It goes without saying that there has been an increasing shift towards remote working in the past few years. Whether this is recession driven, or businesses are just becoming more flexible as technology moves on, there is no doubt that remote working has grown – and with it the demand for an ever more secure cloud-based software solution. Cloud software allows businesses agility, whilst lowering costs, but businesses need to know that their access is secure. The question is: Public or Private Cloud?
Microsoft Azure has been hit by yet another global outage, this time impacting even its own online Office services and websites. The outage raises serious questions about whether these kinds of public cloud platforms are ready for mission-critical workloads.
Social networking giant Facebook is looking to get into the business networking and collaboration game, according to unnamed sources in an FT report. It would apparently take the form of a dedicated zone, called ‘Facebook at Work’, that would have familiar Facebook functionality, but shield your work contacts from any frivolous content posted in the personal section.
Recent news stories of the leaking of highly personal photos of a number of celebrities have caught a lot of people by surprise and everyone should be ensuring that their personal data is safe, regardless of what type of data or who they are. The technical details of the hack has not been made clear, however, it is highly likely that photos were extracted from cloud servers.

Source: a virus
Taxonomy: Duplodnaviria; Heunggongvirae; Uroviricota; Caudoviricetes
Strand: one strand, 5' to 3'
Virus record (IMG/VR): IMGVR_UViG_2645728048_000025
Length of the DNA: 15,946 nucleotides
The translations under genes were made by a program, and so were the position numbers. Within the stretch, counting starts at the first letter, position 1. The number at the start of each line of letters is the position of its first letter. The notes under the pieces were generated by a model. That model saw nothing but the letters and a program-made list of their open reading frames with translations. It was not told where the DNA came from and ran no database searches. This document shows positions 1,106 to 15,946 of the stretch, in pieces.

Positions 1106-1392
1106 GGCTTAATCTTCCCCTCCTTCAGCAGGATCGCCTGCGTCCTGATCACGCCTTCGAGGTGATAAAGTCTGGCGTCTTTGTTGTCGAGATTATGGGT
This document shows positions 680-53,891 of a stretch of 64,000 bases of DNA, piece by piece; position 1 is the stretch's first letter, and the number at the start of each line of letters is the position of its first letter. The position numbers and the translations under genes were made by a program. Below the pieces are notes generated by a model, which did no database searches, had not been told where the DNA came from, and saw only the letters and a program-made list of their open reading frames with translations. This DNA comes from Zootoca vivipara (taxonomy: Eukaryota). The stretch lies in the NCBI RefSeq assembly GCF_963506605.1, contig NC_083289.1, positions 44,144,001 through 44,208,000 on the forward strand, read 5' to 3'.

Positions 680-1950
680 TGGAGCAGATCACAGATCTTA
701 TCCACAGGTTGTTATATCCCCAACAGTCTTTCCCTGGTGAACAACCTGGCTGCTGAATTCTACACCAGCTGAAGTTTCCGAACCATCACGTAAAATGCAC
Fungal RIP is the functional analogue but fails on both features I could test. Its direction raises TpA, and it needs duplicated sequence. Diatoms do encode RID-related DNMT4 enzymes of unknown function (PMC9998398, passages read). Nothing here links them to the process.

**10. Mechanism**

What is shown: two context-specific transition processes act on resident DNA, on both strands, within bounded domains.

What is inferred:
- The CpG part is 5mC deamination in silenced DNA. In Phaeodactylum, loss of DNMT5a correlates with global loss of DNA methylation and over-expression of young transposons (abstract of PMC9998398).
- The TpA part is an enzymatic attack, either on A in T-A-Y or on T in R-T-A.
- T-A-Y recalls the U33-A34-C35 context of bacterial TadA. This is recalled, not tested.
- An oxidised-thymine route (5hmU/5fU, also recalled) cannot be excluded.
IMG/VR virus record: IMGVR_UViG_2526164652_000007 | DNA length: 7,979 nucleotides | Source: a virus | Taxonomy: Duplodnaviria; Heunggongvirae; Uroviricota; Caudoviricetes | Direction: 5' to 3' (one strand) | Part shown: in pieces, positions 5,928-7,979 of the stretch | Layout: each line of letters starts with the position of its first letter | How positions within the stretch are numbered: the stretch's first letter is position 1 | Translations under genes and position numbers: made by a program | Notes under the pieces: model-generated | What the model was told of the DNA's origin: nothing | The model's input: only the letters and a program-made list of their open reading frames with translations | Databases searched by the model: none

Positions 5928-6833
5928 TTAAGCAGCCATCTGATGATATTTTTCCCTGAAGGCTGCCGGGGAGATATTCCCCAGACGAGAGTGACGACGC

The growing use of Cloud technology in business is nothing short of phenomenal. The reason for this is that it saves on time, cost and enables flexible working. Despite these benefits, I find that many charities are still resisting its adoption. Recent research by Technology Trust found that, of 426 respondents, 58 per cent of charities still don’t use the cloud – 65.1 per cent of which are small charities. With the array of articles written about the benefits of the cloud, I wanted to know why.
First we had BYOD (Bring Your Own Devices) – now hot on its heels is WYOD (Wear Your Own Devices). If there is a lesson to be learnt for enterprises it is that the consumerisaton of technology has crept up on them and created some major challenges in terms of network management, security and best practice.
For years now there has been talk of how business is driving IT to move to cloud. In many cases, business teams go so far as to circumvent IT and buy cloud services themselves, taking decisions into their own hands. Much has also been written about why IT should eagerly accept this imperative and embrace the use of cloud. In reality, however, managing a cloud footprint is much harder and more specialised than many imagine.
Everybody stop it – yes, stop it! What I mean is, everyone is talking about the Internet of Things (IoT) as if it’s some life changing experience – well, I don’t necessarily want to be the bearer of a reality check but it’s not! Well, at least not for now. It’s just a term; a simple phrase that’s captured a new sense of excitement and imagination across an industry that’s always eager to deliver the next big thing. In fact, the likes of Intel, Samsung, Dell and many others have established a consortium to help shape and deliver a sensible notion of just how and what the IoT might deliver to both the consumer and industry.
As of Monday, June 30th, employees in the UK with over 26 week’s service are eligible to request flexible working hours. This legislation, which previously only applied to working parents, now allows more employees to work weekends, evenings, or even set up their office from home. But what does this change mean for businesses, and is your technology up to scratch to support this new legislation?
OpenStack vendors must avoid falling into the bad old habits of abusing platform advantage to lock-out customers from competing solutions, argues Boris Renski, co-founder of Mirantis